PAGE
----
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Uganda must come clean on who killed AIGP Kaweesi

By Alain Mucyo

Former Uganda Police spokesperson, Andrew Felix Kaweesi.

Uganda’s government mouthpiece, The New Vision newspaper on Wednesday 8 published an article titled: “Investigation: Kaweesi unsolved murder”, which lists a number of scenarios in trying to establish who ordered the hit on the late Uganda Police spokesperson, Andrew Felix Kaweesi.

An officer that quickly rose through the ranks to the highest echelons of Uganda Police, Kaweesi’s life was cut short at just 43 when he was ambushed by gunmen near his home in Kulambiro, in the outskirts of Kampala, shooting him to death. His driver, and a bodyguard too died.

In its article one of the main theories The New Vision advances is that “a neighbouring country” was behind the assassination, which took place on March 17, 2017. Never mind that in the time since Kaweesi was killed, dozens upon dozens of people have been arrested and numerous other theories voiced about who could have been behind it.

Everyone who consumes Ugandan media knows that any reference to “a neighbouring country” automatically means Rwanda, so there is no doubt which country The New Vision is alluding to.

Similar allegations have previously been made. All are based on nothing, other than the fact the Ugandan regime has been running a propaganda campaign against Kigali. On the other hand, the anti-Rwanda hostility in Kampala means they have turned Kigali into a very convenient scapegoat for all crimes committed in Uganda.

The article notes the arrests of a number of senior Ugandan police officers whom Ugandan intelligence agencies allege as having “worked with a neighboring country” to assassinate Kaweesi – an allegation that New Vision repeats.

However, since the arrests of anyone allegedly connected to the crime, the best intelligence agencies like Uganda’s Chieftaincy of Military Intelligence (CMI), and Internal Security Organization (ISO) can do is to produce concocted “evidence” that even the military court threw out. Interestingly the murder of Kaweesi does not feature on any charge sheets in court.

Apparently the likes of CMI have been more interested in framing members of their own security organs as “working with Rwanda”, a ploy that has failed at every turn since it is based on a fabrication.

There have been accusations against Ugandan policemen – as well as Rwandans that CMI abducted, such as Rene Rutagungira – that they were “kidnapping refugees on behalf of Rwanda”. That accusation failed because it was a fabrication. The allegedly kidnapped Lt. Joel Mutabazi – a fugitive wanted in Kigali for crimes of terrorism – was handed to Rwanda under a legal framework: the East African Police Chiefs Cooperation Organisation (EAPCCO) where both countries are obliged to exchange wanted fugitives on either side.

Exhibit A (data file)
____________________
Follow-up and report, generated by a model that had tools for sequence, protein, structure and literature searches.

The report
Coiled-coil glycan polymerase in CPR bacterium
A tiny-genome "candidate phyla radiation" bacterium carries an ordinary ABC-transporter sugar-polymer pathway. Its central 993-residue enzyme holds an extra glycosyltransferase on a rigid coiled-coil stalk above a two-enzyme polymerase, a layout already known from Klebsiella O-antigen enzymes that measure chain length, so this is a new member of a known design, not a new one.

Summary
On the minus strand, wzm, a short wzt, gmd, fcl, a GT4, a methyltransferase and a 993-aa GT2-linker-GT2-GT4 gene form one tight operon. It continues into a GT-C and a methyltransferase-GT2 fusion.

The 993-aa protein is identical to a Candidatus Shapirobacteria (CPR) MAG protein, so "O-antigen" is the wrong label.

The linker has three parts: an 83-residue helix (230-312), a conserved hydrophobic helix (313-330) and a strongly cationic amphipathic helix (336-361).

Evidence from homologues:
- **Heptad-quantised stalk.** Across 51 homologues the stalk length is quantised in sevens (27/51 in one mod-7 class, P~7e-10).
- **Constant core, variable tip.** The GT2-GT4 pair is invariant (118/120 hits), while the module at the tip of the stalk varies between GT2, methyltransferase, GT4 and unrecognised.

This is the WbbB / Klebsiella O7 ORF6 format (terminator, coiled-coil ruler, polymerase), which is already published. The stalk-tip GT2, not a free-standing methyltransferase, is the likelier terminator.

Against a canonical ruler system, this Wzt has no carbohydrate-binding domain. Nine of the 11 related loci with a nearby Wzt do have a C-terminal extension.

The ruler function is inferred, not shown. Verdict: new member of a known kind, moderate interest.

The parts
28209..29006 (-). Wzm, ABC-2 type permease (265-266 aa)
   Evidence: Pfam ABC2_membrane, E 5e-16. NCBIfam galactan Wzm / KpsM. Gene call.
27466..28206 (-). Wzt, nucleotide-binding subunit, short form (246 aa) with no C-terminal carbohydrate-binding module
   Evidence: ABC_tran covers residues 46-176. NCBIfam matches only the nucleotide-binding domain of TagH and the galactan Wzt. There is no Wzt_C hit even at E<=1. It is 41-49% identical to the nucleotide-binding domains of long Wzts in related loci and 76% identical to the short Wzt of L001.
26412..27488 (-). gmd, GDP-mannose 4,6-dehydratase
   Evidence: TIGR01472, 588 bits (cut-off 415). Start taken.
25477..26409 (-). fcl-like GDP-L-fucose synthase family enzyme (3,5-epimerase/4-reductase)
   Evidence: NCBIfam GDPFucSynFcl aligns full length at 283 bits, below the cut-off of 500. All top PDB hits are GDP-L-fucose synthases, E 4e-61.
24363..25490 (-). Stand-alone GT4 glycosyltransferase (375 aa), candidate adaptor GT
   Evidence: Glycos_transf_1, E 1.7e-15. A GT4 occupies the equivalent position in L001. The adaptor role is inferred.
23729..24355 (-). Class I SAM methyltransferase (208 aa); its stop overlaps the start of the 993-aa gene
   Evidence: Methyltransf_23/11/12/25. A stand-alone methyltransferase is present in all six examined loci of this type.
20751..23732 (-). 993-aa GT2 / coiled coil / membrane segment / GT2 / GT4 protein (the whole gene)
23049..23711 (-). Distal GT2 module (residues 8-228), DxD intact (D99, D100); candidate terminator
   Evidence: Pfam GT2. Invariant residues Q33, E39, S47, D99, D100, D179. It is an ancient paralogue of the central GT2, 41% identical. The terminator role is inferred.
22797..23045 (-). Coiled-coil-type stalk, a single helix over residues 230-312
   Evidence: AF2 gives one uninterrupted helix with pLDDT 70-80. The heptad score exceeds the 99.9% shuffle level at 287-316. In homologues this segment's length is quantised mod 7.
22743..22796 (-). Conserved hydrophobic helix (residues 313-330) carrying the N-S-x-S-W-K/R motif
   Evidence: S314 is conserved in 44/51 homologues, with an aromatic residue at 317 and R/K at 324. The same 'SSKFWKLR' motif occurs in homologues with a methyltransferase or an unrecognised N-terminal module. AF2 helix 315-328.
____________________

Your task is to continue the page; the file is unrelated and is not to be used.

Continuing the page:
Betraying the motive as an attempt to scapegoat Rwanda, The New Vision brings former Uganda Police IGP, Gen. Kale Kayihura, into the story as a suspect although he (Kayihura) was not charged with the murder of Kaweesi. He was instead charged with failure to protect war materials.” Kayihura’s “accomplices” – the 26 senior police officers – too were not charged.

They all were part of the long-discredited narrative that “Kayihura was working for Rwanda”, which CMI, and people like former security minister Henry Tumukunde, tried to propagate – including trying to extract torture confessions. They failed to get evidence for court because none of that was true.

The Ugandan government mouthpiece makes a show of mentioning other parties with possible motive to murder Kaweesi, but its real target is Rwanda.

The important question the paper fails to ask is: why after three full years is it that nothing substantial has come out of the massively funded investigation into that high-profile killing that took place in broad day light, with a host of witnesses?

Everyone in Ugandan security circles knows this: the assassination was the work of highly equipped marksmen, who had the confidence to execute a senior police officer thathad an armed escort.

According to investigators, the cartridges collected at the scene; and a ballistics analysis of the marks left on Kaweesi’s car point to M4 guns. These are highly sophisticated weapons and are, in Uganda, an exclusive issue of the Special Forces Command (SFC). At the time of Kaweesi’s assassination, SFC was headed by the First Son Lt. Gen. Muhoozi Kainerugaba.

“It is not, by the stretch of any imagination, the work of ordinary thugs,” security sources in Kampala say. “It is SFC that killed Kaweesi and the fact investigations have turned up nothing is further proof of that.”

Sources contend Gen. Muhoozi – on the orders of none other than his father – not only had Kaweesi killed, he also ordered the execution of MP Ibrahim Abiriga; former DPC for Buyende Mohammed Kirumira; Yasin Kawuma the driver of Bobi Wine – who took bullets meant for his boss – among many others.

Almost all analysis seems to point to one conclusion, which also explains why Kaweesi rose rapidly through the ranks: He was a very capable and gregarious police officer whose personality rendered him to public fame across all sections of Ugandan society.

This, according to sources, made him a natural target for Museveni and his ambition to enthrone his son as his successor.

Kaweesi was increasingly seen as a threat in the same way the effectiveness of officers like General Aronda Nyakairima – and Brigadier General Noble Mayombo before him -put him in Museveni’s crosshairs.


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